Often bad habits are just too much of a perfectly normal trait. With the right partner, a self-defined bad habit could actually be a plus on your list of attributes, and not a minus at all. And let’s not forget that openly listing your faults does demonstrate the all-impressive qualities of self-awareness and humility, assuming of course you actually listed your faults.

You have to list something in your online profile, though. Perhaps the key is to highlight your outward personality while exposing a little bit of underside. You want to strike the balance between “awesome boy/girlfriend” attributes with something more sincere, that will show your true self and attract suitors that find your particular blend of self intoxicating.

As definition 3b states, courting is seek[ing] an alliance, you’re looking for someone to be on your side. I guess you just have to decide which side that is.

The Worst Date Ever: in which I lose to a basketball game

Thursday, June 11, 2009
One of the first dates I went on after I started actively dating was with someone I had met through Yahoo Personals. We had a lot of things in common, we were both Illini alumni and runners, and we even lived in the same Chicago neighborhood. After exchanging a few emails we decided to meet up mid-week to watch an Illini basketball game.

It seemed like the perfect premise, the date had both a defined end time and a mitigating (and enjoyable) activity in case the conversation stalled or his true appearance was hideous.

When my date arrived we picked out a table with a clear view of the big TV and the waitress stopped by for our drink order. I ordered a beer; my date ordered water and said he was planning to go for a run after our date. Flag #1: this guy hasn’t even left room to extend the date should it go well. Wow, thanks for the vote of confidence!

We perused the menu, which had standard bar fare, and he remarked that there was little that he could eat from the menu. I wasn’t sure how to point out that HE had chosen the bar and should have checked the menu beforehand if he had special dietary needs so I just nodded and kept my mouth shut. Flag #2: this guy obviously didn’t put any thought into our date. And he’s a fussy eater.

The game started and our focus naturally turned to it. He was a crazy fan, commenting on every shot, foul, good calls, bad calls, etc. I asked him if he had played basketball - he seemed so into it - and he said no. In fact he pretty much answered all the questions I asked him during the first half with one-word answers and or responded with the counter question, for example I ask, “Are you training for any particular race?” He answers, “No, not really. Are you?” I was beginning to regret not having ordered a hard liquor drink instead of beer. Flag #3: this guy is more interested in watching a non-conference game where the Illini are up by 20 pts in the first half instead of getting to know me. I can watch basketball and talk, why couldn’t he?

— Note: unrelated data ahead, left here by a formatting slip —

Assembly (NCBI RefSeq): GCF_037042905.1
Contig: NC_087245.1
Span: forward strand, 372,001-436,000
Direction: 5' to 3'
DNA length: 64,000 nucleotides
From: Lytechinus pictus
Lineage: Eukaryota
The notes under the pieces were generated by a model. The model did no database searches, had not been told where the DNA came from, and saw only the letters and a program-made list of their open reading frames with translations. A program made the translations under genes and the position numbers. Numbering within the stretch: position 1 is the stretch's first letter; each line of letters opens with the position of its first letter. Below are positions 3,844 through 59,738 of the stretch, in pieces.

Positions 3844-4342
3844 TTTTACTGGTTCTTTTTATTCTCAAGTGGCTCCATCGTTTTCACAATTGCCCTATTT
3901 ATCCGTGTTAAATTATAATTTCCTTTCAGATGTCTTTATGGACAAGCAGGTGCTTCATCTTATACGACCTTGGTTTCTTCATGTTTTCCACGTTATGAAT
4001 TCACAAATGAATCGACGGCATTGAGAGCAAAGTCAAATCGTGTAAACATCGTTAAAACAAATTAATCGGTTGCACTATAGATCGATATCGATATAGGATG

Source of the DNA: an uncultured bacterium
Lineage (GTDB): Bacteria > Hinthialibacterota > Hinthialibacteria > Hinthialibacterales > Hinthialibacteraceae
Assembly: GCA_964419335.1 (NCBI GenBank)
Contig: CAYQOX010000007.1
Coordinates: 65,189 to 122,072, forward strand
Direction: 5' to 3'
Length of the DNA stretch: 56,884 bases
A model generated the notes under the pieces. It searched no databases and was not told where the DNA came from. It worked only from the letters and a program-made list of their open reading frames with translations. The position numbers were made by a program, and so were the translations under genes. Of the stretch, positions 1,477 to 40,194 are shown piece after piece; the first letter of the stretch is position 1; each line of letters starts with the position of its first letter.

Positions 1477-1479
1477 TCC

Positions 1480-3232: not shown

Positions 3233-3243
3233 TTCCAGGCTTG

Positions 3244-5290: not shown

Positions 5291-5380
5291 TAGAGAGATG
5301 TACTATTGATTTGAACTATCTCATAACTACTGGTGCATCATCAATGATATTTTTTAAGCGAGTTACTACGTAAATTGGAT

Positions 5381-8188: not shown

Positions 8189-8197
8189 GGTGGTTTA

When our food came, I waited until he had started eating, and asked how it was before actually starting my meal. He replied it was decent, and then asked me, without looking up, how mine was. I answered, “I don’t know, I haven’t started it yet”.

And then I decided to see how long it would take him to initiate conversation with me. Approximately twenty minutes later, with about 10 minutes of game time, he still hadn’t spoken. Final Flag: this guy isn’t even aware that you’re still at the table with him, on a date that he invited you to.

I did what any self-respecting gal would do… I stood up and said I was going to get going. He looked at me, for probably the first time in over an hour, with a quizzical look on his face. I put my share of the tab on the table, said it was nice to have met him, and walked out of the bar.

Was he one of those painfully shy guys who is great over email but terrible in person? Was he just that serious of a basketball fan that he couldn’t pull his attention from it? Perhaps, but neither of those reasons excuse his ignoring me after asking me out.

It was the first, and still the only time, I’ve walked out on a date. If I had the chance to do it over, I’d leave at halftime.

Look What the Tide Dragged In

Monday, June 8, 2009
Once I got on board with the idea of actively dating, I had to figure out where to meet my new potential suitors. I didn’t think it would be that hard, in such a big city there had to be tons of single, available guys.